Saturday, April 17, 2004

There’s Intelligence…and Then There’s Intelligence

Former Illinois Senator Adlai E. Stevenson III has a great op-ed piece in today’s New York Times.

Intelligence failures are to blame, so we are told, for the tragedy of 9/11 and the unfolding catastrophe in Iraq. If the Bush administration had heeded its intelligence agencies, say its opponents, it might have prevented the 9/11 attacks and avoided its mishaps in Iraq. Administration officials, meanwhile, say that their intelligence was either not accurate or not “actionable.” This finger-pointing reflects misconceptions about the nature of intelligence — and suggests an intelligence failure of a different sort.

[edit]

Before 9/11, neoconservatives like Condoleezza Rice, the national security adviser, and Vice President Dick Cheney inhabited a world of contending great powers in which force and technology were transcendent. Terrorists armed with box cutters — and now Iraqis resisting the occupation — have exploded their fantasy. The failures of the Bush administration are not those of foreign intelligence but of a cerebral sort of intelligence.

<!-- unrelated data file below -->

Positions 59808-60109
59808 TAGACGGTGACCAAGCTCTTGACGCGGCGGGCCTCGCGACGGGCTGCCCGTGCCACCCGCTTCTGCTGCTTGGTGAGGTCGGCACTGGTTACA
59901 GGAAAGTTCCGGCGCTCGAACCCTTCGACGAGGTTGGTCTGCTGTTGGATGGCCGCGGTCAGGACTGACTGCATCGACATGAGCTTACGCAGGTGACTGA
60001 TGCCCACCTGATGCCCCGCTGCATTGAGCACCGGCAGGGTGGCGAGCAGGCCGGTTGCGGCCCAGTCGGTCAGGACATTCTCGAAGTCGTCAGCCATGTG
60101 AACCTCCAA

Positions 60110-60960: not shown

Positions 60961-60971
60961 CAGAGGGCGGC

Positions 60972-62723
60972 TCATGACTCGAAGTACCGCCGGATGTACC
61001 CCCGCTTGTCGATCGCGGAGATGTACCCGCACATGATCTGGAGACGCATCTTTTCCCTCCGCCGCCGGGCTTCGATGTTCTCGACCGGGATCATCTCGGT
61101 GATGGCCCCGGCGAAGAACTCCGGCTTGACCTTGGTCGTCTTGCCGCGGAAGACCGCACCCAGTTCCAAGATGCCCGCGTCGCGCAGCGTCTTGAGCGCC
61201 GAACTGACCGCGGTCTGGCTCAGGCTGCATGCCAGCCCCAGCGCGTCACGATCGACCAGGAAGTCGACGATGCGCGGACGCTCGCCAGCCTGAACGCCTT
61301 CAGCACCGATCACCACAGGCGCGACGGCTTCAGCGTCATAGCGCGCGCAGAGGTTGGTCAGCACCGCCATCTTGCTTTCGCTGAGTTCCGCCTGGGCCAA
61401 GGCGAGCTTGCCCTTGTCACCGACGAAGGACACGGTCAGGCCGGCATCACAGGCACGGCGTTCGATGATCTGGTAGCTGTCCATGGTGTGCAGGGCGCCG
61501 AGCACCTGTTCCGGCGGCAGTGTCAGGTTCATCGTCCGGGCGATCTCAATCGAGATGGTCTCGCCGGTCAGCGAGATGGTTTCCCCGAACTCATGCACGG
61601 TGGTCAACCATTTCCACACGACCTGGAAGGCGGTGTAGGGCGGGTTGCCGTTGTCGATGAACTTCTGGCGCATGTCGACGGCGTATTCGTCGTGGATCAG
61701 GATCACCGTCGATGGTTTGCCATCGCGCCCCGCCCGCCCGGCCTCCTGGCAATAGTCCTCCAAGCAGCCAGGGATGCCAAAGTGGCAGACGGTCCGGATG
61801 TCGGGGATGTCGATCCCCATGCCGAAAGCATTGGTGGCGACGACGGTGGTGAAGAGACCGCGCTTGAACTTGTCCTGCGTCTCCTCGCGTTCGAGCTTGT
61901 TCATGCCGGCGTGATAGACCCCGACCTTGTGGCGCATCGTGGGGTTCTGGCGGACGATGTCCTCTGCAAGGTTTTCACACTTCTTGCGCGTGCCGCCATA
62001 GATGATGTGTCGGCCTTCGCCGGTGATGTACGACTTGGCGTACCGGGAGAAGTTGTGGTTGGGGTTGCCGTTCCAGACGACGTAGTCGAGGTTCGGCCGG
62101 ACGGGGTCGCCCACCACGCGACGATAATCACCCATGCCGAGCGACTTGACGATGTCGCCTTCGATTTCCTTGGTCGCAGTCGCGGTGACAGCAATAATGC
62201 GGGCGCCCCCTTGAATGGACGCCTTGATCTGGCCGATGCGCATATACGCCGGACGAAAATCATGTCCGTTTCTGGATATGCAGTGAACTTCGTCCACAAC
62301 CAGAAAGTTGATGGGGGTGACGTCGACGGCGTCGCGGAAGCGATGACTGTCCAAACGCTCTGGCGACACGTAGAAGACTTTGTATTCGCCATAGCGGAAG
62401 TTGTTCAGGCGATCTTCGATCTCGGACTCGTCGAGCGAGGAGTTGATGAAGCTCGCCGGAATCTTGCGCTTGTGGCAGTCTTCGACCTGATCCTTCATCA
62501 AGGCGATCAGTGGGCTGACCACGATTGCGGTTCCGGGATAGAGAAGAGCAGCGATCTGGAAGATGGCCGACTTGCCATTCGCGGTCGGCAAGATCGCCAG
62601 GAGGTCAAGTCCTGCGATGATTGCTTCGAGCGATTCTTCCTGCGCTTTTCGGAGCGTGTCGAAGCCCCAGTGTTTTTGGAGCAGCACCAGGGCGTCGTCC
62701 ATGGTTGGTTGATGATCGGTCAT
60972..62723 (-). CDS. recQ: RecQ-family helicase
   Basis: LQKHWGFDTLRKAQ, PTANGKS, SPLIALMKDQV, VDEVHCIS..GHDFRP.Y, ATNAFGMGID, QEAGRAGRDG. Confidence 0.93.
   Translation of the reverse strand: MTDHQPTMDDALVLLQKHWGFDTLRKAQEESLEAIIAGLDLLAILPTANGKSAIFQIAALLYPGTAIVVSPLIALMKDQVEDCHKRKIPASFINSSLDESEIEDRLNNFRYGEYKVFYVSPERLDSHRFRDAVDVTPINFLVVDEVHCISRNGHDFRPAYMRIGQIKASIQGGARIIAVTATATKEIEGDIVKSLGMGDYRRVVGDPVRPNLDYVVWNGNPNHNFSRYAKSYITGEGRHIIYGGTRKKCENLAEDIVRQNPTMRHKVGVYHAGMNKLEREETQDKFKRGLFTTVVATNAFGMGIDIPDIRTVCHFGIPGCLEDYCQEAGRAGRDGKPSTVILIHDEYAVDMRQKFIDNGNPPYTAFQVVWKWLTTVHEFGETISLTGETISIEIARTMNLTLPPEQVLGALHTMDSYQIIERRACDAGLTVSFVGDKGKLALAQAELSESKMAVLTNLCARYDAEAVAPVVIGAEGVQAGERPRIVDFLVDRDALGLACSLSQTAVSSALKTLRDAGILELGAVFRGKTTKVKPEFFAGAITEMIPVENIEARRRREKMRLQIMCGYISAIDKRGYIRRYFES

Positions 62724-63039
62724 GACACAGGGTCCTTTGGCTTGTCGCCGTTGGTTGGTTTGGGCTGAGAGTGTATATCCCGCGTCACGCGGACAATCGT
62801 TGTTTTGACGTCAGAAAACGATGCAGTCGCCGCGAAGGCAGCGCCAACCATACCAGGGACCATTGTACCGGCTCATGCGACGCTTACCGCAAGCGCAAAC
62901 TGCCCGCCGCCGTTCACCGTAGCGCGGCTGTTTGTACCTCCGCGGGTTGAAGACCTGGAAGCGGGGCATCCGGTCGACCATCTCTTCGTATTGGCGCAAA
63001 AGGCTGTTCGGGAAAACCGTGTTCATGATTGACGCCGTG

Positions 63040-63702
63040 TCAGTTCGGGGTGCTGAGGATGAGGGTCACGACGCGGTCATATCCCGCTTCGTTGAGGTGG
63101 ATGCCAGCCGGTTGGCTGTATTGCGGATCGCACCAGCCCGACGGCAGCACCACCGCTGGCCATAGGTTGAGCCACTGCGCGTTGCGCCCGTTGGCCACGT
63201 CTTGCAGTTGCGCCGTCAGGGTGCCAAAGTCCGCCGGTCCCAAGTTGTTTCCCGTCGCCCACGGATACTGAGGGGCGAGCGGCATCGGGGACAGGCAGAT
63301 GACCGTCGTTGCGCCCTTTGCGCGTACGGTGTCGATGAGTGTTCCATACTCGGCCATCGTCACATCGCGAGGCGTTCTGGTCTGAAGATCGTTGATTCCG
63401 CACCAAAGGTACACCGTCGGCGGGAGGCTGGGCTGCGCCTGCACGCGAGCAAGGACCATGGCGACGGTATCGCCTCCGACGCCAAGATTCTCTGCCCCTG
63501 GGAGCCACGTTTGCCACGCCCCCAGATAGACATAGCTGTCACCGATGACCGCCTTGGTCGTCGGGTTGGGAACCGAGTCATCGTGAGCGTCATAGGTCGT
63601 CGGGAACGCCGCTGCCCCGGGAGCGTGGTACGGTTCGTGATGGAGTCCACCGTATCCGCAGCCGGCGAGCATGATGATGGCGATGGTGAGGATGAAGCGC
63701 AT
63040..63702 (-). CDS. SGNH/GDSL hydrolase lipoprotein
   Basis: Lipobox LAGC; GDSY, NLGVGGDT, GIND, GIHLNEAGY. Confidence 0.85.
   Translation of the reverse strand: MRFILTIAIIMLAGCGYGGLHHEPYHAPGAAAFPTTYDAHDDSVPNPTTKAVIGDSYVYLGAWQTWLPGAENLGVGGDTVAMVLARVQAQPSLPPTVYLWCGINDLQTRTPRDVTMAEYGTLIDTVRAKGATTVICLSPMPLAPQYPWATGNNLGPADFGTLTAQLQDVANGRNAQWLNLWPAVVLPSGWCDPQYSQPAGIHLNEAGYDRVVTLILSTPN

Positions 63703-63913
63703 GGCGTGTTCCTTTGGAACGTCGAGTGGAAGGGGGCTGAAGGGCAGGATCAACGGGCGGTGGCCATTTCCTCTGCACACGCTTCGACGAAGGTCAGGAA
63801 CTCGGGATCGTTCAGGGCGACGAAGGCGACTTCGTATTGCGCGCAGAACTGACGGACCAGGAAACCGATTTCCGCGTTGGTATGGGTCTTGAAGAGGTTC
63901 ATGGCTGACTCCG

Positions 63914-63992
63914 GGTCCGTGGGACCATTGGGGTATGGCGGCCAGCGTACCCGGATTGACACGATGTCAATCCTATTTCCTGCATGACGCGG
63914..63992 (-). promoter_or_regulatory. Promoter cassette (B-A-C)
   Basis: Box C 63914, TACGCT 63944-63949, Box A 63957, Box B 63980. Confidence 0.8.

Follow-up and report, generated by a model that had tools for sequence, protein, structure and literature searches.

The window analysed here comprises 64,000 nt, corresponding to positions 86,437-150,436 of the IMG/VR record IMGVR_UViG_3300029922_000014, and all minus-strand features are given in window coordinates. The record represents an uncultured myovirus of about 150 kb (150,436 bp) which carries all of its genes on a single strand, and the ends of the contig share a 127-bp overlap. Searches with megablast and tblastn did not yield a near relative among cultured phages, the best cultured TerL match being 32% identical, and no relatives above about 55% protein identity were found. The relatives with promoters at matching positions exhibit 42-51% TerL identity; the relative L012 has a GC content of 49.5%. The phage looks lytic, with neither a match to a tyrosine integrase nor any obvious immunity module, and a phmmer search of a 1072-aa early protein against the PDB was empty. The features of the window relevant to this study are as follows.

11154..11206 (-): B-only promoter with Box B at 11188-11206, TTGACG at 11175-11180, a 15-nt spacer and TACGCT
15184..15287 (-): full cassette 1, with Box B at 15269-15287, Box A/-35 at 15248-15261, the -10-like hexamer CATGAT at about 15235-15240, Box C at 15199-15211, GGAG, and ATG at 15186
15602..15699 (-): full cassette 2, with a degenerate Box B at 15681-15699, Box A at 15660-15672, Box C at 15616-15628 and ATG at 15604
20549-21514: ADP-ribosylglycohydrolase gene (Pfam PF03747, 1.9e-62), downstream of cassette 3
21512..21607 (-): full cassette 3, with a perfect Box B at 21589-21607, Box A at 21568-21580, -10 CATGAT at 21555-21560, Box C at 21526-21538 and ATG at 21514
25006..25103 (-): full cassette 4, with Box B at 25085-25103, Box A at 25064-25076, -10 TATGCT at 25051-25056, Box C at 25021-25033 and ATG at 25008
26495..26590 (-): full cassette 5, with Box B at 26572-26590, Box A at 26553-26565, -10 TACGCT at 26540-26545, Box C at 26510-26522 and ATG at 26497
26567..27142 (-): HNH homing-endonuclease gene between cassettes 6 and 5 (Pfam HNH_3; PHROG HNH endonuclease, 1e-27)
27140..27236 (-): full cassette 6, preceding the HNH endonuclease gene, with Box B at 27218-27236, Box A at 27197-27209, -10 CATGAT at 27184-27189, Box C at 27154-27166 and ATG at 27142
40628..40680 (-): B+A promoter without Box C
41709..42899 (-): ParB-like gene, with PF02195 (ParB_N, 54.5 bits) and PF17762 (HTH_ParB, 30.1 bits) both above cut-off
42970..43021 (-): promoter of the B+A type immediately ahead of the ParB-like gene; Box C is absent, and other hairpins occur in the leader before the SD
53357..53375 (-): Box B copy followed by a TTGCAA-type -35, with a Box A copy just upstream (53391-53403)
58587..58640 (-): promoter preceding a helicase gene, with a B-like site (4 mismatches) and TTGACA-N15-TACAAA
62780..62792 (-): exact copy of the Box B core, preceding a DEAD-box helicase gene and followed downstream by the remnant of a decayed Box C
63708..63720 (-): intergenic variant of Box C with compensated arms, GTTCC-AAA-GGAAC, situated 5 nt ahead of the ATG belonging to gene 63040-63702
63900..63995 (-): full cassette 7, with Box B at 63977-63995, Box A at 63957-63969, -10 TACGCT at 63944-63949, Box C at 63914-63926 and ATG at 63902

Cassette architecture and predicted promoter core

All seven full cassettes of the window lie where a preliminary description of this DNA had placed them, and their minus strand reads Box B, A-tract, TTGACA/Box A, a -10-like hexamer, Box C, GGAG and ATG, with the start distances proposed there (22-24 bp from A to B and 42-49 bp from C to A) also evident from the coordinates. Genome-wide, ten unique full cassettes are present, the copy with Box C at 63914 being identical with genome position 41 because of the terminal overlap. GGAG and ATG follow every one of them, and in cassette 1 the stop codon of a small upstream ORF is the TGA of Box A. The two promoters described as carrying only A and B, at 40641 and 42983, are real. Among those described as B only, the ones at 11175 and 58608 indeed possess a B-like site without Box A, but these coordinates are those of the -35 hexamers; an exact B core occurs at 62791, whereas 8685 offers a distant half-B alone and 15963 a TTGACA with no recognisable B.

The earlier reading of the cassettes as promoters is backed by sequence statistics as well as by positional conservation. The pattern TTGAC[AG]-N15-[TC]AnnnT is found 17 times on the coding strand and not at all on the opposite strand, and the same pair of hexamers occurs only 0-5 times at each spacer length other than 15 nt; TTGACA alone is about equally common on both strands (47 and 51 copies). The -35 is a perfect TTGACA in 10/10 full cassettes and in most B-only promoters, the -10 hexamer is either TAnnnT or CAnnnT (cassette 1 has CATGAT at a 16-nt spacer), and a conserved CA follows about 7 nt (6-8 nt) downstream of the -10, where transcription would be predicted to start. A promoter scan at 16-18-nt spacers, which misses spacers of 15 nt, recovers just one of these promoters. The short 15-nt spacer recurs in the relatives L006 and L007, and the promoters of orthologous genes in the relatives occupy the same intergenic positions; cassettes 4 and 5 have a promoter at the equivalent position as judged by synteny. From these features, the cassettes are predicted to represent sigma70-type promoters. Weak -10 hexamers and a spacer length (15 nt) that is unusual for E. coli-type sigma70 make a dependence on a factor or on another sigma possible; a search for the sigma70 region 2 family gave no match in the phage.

In other words, all the spying and phone taps and clandestine IMF stuff doesn’t mean shit if you’re too fucking dumb to put the pieces together.

When Senator Stevenson’s father ran for president against Dwight D. Eisenhower in 1952 and 1956, the Republicans said he was too much of an “egghead” to be president, and they convinced the country that we didn’t need an intellectual in the Oval Office. And they’ve been running on that theme ever since.